Saturday, August 15, 2009

Canadian Sessions #1: Taureau

So after the return from Colorado, it was time once again to head up to Canada for my yearly trip. I've said it time and again, but Eastern Canada is one of the sickest places in the world to be in a kayak. (or on a mountain bike... or a sailboat)

My car locked and loaded once again in Asheville.

I was able to hit the Taureau section of the Jacques Cartiere River with my buddy Adam Herzog. This region of the Laurentian Mountains in Quebec is nothing short of epic, and I don't seem to grow tired of visiting it.

This was my first time on the Taureau, and I've been wanting to get on "the Linville of the North" for a long time now. This river captivated me when I was maybe 13 and read the AW article "A Perfect Day on Quebec's Perfect River" by Chris Koll. The river just sounded so ultimate, and I've wanted to paddle it ever since. Here's the link to the article:

Looking upstream towards the Taureau from 20 km downstream of the takeout... where the pavement ends.

Adam and I met up and camped at the takeout, so we would have part of the epic shuttle done. Adam was wandering around at 4:15 AM already and I "slept in" til about 6:30. We ate breakfast, got our stuff together and headed up. After a short hike in and a quick snack at the putin, we were floating on a beautiful, tannic coloured river through some meadows... with 15 miles of whitewater in front of us.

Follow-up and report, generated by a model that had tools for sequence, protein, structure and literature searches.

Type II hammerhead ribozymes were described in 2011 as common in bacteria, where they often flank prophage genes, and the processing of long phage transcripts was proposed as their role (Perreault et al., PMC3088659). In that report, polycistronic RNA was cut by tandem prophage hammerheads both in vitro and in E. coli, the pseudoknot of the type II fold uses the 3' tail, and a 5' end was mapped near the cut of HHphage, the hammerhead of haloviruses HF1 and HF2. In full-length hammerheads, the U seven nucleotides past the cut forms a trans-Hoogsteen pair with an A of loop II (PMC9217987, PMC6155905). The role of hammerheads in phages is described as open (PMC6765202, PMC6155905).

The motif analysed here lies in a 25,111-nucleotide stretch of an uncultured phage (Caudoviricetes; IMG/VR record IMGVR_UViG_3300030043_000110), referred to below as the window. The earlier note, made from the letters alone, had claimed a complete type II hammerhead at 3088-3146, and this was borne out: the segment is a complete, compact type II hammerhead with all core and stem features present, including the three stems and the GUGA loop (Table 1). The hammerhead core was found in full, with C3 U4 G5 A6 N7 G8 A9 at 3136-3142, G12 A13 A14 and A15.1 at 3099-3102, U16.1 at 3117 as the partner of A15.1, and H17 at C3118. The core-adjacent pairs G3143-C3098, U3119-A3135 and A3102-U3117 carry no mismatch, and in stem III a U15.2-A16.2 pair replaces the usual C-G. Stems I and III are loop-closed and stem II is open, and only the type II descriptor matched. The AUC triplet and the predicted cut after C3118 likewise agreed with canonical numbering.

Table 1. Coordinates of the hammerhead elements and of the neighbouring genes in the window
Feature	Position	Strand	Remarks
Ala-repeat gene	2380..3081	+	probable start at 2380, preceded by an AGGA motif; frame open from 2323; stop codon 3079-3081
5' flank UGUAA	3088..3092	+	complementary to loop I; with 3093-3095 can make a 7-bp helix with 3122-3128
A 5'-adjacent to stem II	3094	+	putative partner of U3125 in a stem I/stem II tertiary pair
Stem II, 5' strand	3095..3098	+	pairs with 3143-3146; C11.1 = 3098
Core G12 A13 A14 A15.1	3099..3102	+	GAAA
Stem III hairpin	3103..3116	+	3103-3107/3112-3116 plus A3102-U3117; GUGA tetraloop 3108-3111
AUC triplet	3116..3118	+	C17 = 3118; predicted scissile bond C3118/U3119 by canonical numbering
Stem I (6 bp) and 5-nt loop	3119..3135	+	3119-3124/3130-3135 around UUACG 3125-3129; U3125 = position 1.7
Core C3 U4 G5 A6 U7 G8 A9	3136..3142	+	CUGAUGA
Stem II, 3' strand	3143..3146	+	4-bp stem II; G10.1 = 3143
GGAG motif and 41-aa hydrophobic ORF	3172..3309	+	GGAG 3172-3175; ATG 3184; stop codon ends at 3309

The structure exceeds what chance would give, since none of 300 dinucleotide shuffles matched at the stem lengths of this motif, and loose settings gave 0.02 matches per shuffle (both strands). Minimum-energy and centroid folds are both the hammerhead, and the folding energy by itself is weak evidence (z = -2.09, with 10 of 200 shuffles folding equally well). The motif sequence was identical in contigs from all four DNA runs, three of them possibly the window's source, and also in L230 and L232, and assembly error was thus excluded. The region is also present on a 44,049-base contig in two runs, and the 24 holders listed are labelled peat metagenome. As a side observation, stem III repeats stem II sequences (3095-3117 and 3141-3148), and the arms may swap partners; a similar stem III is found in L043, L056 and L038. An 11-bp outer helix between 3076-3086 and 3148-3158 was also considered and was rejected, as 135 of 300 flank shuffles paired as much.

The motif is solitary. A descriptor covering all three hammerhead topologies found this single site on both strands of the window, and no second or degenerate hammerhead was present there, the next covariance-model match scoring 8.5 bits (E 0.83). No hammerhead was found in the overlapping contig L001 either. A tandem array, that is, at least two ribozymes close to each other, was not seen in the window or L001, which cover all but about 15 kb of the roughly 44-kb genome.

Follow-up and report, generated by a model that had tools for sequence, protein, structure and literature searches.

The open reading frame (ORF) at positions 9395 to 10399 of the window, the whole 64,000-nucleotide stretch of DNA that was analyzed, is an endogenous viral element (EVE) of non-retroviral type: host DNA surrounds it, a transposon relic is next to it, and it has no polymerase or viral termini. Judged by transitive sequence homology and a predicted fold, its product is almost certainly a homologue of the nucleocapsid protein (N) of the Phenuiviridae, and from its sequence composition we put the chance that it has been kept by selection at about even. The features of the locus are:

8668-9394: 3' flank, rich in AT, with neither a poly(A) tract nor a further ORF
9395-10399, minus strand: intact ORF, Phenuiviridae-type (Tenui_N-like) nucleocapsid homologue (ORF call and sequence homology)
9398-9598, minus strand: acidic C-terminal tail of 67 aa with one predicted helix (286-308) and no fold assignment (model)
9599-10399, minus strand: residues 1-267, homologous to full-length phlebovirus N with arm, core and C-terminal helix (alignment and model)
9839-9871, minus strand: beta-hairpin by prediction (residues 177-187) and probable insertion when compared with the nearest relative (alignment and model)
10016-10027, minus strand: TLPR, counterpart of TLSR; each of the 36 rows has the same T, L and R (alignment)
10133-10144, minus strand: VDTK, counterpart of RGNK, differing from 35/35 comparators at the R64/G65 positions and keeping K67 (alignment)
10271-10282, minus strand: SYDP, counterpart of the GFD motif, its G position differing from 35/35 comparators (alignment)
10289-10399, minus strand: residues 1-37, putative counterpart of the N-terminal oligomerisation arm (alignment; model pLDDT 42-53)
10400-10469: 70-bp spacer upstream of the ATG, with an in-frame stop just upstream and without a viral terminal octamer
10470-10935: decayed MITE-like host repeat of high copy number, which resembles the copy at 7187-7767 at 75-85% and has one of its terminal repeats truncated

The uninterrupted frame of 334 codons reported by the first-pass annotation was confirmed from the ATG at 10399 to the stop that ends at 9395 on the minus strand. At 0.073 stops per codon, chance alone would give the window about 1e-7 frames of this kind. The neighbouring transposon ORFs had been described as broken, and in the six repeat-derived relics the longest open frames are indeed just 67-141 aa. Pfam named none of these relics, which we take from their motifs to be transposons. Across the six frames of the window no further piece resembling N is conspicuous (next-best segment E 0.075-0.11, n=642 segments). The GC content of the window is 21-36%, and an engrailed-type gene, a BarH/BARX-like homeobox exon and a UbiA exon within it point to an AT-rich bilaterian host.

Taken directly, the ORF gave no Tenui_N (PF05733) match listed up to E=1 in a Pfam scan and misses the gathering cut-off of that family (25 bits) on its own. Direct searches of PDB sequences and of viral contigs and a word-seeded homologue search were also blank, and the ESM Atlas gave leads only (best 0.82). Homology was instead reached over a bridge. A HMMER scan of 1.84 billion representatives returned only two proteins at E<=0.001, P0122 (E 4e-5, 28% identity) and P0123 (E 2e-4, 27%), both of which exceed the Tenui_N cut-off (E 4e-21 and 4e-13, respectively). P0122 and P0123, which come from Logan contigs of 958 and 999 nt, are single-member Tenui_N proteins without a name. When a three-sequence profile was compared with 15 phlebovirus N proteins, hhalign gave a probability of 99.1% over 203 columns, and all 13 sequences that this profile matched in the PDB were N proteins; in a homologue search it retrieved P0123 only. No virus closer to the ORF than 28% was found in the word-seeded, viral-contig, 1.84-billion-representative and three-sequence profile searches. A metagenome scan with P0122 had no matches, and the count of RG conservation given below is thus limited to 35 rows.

Adam paddling the flats.

The aforementioned article describes the river as having a symmetrical gradient scale from start to finish, meaning that it goes from flat, to class 1, then 2, then 3, 4, and then about 7 miles of class 5, after which it makes the same smooth transition back down. It's an unbelievable place. The flatwater lasts for a couple of minutes, and then the river slowly and gently narrows and starts to form riffles and eddylines. It just begs you to go downstream and discover what it has in store.

The class five section is nothing short of sick, and the river asserts a feeling of power that only big water creeks are capable of. Adam had about 25 strips of duct tape on both sides of his deck, with the names of the biggest class 5 rapids, and he read them off and explained them one after another as we drifted into them.

Here's the top of one of the gnarlier rapids on the river, Sieve Drop. Worth a scout and some safety.

Credit: Adam Herzog

All in all the river took us 4.5 hours and we did not stop enough to properly document what was going on. Adam says that this river is possibly the best river he has ever paddled, and I would have to say it's up there for me as well. I would recommend it very very highly... my one suggestion is to bring a shuttle driver!

Cheers, and good lines.
Chris Gragtmans


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